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Homework Help: Velocity x' as a function of x, subject to a force function

  1. Sep 22, 2015 #1
    1. The problem statement, all variables and given/known data
    Find the velocity x' as a function of the displacement x for a particle of mass m, which starts from rest at x =0, subject to the following force function:
    F0 + cx

    2. Relevant equations
    Fx = m d2x/dt2

    ax=Fx/m=x''=v dv/dx

    3. The attempt at a solution
    So I'm pretty sure I'm doing this wrong, perhaps not, but the question confused me. Right now I've rearranged the equation so it looks like


    and when I integrate both sides it becomes:

    v2/2 = F0x+cx2/2

    And then I multiply the right side by two and square root? It seems wrong to me. Any help would be much obliged.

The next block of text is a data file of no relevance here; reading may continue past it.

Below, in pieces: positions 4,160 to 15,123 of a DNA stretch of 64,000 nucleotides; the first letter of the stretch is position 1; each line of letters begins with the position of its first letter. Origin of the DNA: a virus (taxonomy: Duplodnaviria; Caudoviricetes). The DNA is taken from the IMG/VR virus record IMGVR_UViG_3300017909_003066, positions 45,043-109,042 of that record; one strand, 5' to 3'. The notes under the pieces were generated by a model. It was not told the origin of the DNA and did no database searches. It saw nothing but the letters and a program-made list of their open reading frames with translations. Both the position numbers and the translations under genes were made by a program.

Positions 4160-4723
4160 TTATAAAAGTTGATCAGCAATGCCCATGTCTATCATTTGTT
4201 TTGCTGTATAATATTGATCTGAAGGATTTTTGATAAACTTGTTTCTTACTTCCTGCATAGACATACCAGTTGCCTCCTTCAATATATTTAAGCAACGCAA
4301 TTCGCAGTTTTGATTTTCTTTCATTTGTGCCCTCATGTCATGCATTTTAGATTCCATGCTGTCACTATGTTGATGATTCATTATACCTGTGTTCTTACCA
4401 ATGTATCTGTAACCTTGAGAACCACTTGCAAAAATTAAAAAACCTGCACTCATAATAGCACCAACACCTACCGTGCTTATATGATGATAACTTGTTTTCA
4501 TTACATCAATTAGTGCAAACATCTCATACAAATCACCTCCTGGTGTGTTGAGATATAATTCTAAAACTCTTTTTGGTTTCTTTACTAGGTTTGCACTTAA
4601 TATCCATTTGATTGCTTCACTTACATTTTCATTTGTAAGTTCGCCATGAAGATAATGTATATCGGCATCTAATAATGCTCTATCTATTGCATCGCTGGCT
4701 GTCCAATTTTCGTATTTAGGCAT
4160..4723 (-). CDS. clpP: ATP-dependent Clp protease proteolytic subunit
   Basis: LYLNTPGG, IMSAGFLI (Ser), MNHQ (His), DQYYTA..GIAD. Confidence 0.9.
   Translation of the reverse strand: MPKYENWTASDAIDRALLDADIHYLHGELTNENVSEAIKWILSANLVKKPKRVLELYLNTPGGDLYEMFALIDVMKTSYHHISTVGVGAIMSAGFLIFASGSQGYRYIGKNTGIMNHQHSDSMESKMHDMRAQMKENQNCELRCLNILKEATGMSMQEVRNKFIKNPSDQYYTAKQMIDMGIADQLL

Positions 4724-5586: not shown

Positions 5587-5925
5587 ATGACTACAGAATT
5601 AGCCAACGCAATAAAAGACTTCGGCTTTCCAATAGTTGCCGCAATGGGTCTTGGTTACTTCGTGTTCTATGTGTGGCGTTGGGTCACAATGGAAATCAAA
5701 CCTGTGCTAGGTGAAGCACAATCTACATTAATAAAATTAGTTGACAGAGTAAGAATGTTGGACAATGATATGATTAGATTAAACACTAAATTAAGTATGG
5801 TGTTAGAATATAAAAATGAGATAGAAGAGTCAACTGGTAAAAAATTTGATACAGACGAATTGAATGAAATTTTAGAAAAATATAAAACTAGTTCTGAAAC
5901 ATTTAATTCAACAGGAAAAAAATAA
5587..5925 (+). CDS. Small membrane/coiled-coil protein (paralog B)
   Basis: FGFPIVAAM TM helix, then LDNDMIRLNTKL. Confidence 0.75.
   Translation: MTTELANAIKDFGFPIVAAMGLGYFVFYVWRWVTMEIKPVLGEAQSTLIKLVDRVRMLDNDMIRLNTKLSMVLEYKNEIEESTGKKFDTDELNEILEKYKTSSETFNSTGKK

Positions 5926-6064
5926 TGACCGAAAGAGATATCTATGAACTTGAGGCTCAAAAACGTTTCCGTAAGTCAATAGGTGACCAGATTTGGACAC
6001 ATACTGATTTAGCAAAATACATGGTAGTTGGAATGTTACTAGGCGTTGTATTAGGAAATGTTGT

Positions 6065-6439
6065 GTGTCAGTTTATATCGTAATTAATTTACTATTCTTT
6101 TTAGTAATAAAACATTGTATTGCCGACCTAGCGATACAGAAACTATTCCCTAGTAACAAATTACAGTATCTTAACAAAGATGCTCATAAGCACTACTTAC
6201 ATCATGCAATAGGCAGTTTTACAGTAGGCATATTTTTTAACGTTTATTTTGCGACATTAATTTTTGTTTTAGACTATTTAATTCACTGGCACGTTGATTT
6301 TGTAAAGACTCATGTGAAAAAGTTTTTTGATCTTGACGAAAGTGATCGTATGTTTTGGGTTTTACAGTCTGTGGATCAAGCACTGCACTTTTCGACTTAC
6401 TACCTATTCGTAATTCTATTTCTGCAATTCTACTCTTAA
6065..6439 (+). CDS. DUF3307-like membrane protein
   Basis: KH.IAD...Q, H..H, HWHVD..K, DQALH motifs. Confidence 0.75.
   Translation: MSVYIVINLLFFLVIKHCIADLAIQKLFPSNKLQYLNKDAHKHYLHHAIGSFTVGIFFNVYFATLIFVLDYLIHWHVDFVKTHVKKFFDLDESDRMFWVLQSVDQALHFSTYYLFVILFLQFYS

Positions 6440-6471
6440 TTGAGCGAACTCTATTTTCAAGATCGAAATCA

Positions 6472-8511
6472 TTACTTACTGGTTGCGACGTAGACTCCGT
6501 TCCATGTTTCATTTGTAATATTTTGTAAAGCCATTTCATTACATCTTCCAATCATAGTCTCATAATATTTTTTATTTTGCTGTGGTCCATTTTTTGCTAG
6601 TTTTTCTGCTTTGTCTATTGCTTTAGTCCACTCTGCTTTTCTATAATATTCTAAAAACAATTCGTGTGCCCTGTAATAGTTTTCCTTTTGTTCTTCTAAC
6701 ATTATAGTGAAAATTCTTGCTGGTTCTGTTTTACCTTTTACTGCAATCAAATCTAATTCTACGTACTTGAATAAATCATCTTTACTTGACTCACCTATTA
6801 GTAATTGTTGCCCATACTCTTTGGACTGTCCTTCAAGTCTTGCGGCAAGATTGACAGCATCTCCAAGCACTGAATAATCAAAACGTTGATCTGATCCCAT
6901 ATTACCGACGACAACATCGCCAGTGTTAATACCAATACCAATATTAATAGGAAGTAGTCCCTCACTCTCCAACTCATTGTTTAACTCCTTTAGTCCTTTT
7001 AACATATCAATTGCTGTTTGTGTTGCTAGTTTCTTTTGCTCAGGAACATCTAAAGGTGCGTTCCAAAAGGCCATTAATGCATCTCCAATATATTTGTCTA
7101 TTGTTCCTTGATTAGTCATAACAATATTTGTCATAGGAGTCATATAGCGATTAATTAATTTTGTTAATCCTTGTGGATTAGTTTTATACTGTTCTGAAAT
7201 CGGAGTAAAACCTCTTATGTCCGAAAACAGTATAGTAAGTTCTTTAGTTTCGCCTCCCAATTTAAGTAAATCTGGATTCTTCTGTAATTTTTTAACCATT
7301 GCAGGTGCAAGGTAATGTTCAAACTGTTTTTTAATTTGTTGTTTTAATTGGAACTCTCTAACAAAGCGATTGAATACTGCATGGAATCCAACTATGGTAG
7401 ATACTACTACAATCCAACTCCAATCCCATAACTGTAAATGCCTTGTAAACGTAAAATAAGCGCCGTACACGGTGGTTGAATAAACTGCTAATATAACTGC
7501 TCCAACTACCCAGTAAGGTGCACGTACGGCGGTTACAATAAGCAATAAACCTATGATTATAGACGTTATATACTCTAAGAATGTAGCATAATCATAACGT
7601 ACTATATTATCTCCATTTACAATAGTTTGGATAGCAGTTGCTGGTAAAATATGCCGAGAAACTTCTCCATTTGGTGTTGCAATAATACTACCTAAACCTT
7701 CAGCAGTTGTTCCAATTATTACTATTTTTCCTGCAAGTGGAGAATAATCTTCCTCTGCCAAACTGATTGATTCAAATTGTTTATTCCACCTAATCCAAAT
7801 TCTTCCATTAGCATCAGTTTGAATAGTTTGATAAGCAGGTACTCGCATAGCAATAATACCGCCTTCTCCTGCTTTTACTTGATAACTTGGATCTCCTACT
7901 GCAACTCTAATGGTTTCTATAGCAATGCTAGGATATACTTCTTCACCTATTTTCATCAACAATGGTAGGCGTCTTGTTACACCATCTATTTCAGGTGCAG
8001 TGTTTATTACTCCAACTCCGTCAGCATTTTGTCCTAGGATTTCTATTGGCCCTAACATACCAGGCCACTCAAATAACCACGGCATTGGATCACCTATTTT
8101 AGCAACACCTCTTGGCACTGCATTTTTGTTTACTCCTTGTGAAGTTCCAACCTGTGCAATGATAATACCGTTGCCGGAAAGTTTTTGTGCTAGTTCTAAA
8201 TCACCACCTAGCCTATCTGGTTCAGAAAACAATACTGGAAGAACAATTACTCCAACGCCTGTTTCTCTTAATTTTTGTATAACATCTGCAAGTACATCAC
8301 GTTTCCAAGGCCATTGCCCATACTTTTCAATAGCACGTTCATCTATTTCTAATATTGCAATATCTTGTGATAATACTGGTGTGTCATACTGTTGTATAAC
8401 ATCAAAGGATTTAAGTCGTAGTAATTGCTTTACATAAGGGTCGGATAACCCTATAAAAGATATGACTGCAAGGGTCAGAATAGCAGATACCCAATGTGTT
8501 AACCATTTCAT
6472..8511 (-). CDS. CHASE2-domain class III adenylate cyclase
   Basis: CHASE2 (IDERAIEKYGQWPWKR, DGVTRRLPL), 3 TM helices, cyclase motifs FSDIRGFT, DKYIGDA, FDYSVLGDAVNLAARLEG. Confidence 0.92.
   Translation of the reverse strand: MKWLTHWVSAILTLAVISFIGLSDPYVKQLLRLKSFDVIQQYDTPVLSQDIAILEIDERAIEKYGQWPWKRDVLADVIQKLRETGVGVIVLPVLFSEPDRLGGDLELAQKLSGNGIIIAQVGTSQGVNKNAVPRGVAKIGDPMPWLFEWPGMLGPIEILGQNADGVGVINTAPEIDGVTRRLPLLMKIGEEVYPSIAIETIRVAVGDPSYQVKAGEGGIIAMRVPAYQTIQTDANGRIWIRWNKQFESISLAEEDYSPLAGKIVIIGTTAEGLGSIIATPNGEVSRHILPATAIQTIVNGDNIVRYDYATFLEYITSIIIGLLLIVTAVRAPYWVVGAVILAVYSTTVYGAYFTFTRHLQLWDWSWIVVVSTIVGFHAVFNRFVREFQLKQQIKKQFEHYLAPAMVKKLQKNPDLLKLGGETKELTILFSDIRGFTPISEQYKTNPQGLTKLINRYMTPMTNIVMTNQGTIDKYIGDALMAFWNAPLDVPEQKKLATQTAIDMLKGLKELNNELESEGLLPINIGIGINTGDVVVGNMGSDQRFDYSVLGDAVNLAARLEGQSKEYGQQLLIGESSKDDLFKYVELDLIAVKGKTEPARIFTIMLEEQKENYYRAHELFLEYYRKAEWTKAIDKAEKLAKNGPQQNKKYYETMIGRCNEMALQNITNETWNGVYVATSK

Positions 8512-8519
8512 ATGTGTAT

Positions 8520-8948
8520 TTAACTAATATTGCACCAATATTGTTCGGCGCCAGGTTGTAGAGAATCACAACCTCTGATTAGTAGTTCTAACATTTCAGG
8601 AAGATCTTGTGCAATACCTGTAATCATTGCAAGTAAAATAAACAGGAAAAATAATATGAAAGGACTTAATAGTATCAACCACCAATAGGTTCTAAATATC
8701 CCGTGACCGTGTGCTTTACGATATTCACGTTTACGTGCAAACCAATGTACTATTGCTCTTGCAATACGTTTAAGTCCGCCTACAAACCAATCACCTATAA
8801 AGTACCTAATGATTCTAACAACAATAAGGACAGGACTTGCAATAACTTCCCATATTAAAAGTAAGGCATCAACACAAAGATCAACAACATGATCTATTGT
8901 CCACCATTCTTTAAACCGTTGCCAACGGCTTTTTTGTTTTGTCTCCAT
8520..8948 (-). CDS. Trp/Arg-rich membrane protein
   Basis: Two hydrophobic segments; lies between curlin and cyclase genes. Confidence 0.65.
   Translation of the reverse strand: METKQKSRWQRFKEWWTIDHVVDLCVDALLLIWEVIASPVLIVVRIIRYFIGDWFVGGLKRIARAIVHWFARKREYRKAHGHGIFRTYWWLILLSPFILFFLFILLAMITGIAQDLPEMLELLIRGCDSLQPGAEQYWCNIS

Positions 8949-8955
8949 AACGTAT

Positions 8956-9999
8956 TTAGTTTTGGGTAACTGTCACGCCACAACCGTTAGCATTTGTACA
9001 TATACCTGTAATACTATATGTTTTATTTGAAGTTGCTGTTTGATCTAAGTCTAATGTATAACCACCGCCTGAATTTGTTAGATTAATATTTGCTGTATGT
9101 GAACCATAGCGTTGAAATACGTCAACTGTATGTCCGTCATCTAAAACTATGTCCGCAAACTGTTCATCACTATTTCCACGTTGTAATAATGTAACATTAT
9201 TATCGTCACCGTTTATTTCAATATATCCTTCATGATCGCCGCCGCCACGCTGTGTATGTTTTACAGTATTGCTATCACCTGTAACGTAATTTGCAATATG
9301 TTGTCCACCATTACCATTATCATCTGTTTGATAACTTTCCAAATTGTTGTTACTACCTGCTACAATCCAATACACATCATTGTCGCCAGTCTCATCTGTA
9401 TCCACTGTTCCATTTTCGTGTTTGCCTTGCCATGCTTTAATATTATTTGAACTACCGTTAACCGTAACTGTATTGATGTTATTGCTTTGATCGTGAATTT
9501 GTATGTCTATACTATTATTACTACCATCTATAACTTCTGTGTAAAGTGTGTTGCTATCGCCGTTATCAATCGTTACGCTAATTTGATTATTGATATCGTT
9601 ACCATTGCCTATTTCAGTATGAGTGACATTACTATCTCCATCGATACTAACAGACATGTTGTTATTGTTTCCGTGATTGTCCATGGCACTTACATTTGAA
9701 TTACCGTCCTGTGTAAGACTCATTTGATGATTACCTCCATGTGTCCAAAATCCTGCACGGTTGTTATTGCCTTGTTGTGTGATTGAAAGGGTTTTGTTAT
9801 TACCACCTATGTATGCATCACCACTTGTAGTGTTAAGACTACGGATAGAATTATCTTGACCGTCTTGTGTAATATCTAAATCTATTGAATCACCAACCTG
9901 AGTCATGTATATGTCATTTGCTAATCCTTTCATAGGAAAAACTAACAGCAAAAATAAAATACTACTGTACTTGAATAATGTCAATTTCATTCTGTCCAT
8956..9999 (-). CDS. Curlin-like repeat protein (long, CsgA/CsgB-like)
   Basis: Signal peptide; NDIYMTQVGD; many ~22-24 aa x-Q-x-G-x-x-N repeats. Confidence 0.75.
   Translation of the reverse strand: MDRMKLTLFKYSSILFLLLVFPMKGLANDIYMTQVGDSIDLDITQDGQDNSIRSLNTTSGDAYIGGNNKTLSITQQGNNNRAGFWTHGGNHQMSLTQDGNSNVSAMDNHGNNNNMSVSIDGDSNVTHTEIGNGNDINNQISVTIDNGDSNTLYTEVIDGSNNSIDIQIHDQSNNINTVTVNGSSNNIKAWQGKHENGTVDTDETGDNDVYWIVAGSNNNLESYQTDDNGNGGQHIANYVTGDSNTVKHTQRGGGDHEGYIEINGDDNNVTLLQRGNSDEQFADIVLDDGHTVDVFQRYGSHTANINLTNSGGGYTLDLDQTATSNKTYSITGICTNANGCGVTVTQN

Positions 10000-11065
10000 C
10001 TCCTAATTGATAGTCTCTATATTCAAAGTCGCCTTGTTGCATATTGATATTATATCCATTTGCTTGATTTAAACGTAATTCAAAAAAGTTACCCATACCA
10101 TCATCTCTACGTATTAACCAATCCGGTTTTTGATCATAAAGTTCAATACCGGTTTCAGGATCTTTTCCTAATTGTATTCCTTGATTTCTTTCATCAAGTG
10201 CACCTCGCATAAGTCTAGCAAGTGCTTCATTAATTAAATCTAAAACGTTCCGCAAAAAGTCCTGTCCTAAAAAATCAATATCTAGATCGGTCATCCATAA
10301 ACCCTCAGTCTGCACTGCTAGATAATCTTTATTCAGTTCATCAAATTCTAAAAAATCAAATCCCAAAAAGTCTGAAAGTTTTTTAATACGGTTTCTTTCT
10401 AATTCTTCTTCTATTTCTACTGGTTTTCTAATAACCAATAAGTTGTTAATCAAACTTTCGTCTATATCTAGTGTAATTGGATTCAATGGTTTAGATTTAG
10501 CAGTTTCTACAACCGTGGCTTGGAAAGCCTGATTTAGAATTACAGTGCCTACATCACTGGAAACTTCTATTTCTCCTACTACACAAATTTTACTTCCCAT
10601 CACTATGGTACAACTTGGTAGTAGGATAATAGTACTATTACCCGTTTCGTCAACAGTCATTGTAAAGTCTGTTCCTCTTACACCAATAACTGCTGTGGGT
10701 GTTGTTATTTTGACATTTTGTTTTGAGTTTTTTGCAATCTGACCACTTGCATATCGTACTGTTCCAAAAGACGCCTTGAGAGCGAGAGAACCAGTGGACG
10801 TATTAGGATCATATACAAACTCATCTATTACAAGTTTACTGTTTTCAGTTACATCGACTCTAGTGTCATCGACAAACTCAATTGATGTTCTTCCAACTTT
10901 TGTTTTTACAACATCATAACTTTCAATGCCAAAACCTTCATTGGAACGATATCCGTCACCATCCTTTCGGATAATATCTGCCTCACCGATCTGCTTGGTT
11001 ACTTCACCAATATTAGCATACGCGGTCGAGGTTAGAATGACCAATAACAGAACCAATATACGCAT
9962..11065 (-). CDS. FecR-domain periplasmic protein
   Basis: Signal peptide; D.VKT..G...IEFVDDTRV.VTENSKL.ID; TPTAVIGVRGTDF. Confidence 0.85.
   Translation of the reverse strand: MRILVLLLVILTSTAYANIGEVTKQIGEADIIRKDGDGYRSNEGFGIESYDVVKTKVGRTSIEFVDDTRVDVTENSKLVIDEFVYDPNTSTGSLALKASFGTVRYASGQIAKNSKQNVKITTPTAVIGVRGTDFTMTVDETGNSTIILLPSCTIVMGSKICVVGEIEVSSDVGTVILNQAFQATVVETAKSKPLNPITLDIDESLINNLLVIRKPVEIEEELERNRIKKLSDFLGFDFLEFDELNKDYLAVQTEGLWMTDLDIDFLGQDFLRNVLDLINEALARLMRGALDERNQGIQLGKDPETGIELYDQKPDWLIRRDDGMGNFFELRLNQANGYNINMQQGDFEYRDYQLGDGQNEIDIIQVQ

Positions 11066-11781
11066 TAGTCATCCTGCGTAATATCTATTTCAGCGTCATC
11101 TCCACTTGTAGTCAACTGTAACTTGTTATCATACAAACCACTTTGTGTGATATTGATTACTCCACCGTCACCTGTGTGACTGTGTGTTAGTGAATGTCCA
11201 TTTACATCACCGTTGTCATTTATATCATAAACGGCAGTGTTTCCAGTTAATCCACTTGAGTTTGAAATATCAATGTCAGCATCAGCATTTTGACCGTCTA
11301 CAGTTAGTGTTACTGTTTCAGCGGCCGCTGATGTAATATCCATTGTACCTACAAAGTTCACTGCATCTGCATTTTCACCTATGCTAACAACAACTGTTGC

2. jcsd
  3. Sep 22, 2015 #2


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    Education Advisor
    Gold Member

    Probably the easy way to do it is this. Notice that the fact the force depends on position means you can calculate the work done between one position and another. That means you can work out the change in kinetic energy from one location to another. Which means you can work out the speed from one location to another.

    So what is it that you seem to have done here? You have F = m a. But what you really want is work equals force times distance, or in integral form, ##\frac{1}{2} m v^2(x) = W(x) = \int_0^x F(s) ds##.

    And, happily, that looks exactly like what you get at the end. But now you can see why it is that. (I hope.)
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